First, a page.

Host plant association and spatial autocorrelation as drivers of genetic differentiation among populations of a regionally host-specific insect herbivore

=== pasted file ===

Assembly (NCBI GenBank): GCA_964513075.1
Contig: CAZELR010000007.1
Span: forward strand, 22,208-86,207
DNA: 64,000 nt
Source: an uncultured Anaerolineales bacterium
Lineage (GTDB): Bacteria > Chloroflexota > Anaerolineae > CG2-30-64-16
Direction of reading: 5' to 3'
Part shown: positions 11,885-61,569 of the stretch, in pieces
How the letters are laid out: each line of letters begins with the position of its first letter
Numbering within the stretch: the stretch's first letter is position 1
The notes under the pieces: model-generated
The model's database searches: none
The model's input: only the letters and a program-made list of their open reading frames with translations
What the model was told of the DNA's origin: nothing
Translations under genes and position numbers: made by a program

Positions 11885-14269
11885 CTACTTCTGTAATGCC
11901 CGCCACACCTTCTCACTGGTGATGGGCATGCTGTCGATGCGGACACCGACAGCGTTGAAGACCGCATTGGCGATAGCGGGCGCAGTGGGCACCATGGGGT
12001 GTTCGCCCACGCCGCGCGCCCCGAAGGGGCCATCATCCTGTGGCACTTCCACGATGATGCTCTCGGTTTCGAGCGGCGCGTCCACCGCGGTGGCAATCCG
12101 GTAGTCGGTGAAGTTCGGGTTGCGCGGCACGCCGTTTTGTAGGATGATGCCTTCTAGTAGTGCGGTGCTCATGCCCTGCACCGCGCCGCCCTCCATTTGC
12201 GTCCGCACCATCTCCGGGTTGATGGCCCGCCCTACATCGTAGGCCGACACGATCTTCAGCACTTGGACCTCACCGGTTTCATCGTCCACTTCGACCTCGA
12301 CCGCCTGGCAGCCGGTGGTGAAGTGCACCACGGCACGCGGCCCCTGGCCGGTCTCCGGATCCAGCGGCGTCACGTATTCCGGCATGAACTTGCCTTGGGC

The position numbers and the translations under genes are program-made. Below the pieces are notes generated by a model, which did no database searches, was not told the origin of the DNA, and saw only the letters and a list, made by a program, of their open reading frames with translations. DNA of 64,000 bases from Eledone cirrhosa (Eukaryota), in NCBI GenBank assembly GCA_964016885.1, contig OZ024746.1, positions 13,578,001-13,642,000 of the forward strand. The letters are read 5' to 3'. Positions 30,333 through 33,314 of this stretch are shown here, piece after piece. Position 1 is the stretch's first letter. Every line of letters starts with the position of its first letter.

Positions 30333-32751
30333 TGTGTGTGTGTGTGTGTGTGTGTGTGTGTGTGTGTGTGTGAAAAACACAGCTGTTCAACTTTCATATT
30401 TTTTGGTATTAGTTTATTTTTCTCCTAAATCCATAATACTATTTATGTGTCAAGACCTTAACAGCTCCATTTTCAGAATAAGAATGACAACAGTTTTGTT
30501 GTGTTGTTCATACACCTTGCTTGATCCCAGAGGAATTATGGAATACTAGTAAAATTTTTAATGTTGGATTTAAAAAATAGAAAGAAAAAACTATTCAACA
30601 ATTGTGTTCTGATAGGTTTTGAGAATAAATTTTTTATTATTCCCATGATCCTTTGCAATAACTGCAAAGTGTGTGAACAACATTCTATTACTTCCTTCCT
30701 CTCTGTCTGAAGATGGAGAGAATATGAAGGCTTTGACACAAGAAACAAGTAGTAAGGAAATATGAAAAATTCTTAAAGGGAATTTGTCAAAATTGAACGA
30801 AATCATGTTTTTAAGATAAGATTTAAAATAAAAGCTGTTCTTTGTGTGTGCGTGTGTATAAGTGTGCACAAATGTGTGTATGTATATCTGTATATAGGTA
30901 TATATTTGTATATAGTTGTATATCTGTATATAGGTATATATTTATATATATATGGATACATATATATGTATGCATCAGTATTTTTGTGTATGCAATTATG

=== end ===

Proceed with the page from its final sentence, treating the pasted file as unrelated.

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Disentangling the processes responsible for structuring patterns of biodiversity at all spatial scales challenges biologists as such patterns represent evolutionary and ecological processes coupled with spatial autocorrelation among sample units. The phytophagous insect, Belonocnema treatae (Hymenoptera: Cynipidae) exhibits regional specialization on three species of live oaks throughout its geographic range across the southern USA. Here I ask whether populations of B. treatae affiliated with each host plant species exhibit genetic differentiation that parallels host plant phylogeography while controlling for spatial autocorrelation among sampling locations. I used genotyping-by-sequencing of 1,219 B. treatae collected from 58 sites distributed across the geographic ranges of the three host plants to identify 6,987 common single nucleotide variants. Population genomic structure was then investigated using a hierarchical Bayesian model to assign individuals to genetic clusters and estimate admixture proportions. To control for spatial autocorrelation when investigating the role of host plant affiliation in determining patterns of among-population genetic differentiation, Distance-based Moran’s eigenvector mapping was used to construct regression variables summarizing spatial structure inherent in the sampling design. Redundancy analysis (RDA) incorporating these spatial variables was then used to simultaneously examine the roles of host plant affiliation and spatial autocorrelation in determining patterns of among-population genetic differentiation. Patterns of genomic variation indicate a distinct geographic division east and west of Mississippi, coupled with discrete host associated lineages in the eastern portion of the species' range and clinal host-associated lineages in the west. RDA confirmed host association as a significant predictor of genomic variation, but longitudinal spatial autocorrelation explained a larger proportion of B. treatae's genomic variation. These results suggest B. treatae and the host plants share a common evolutionary history that links their patterns of genomic differentiation.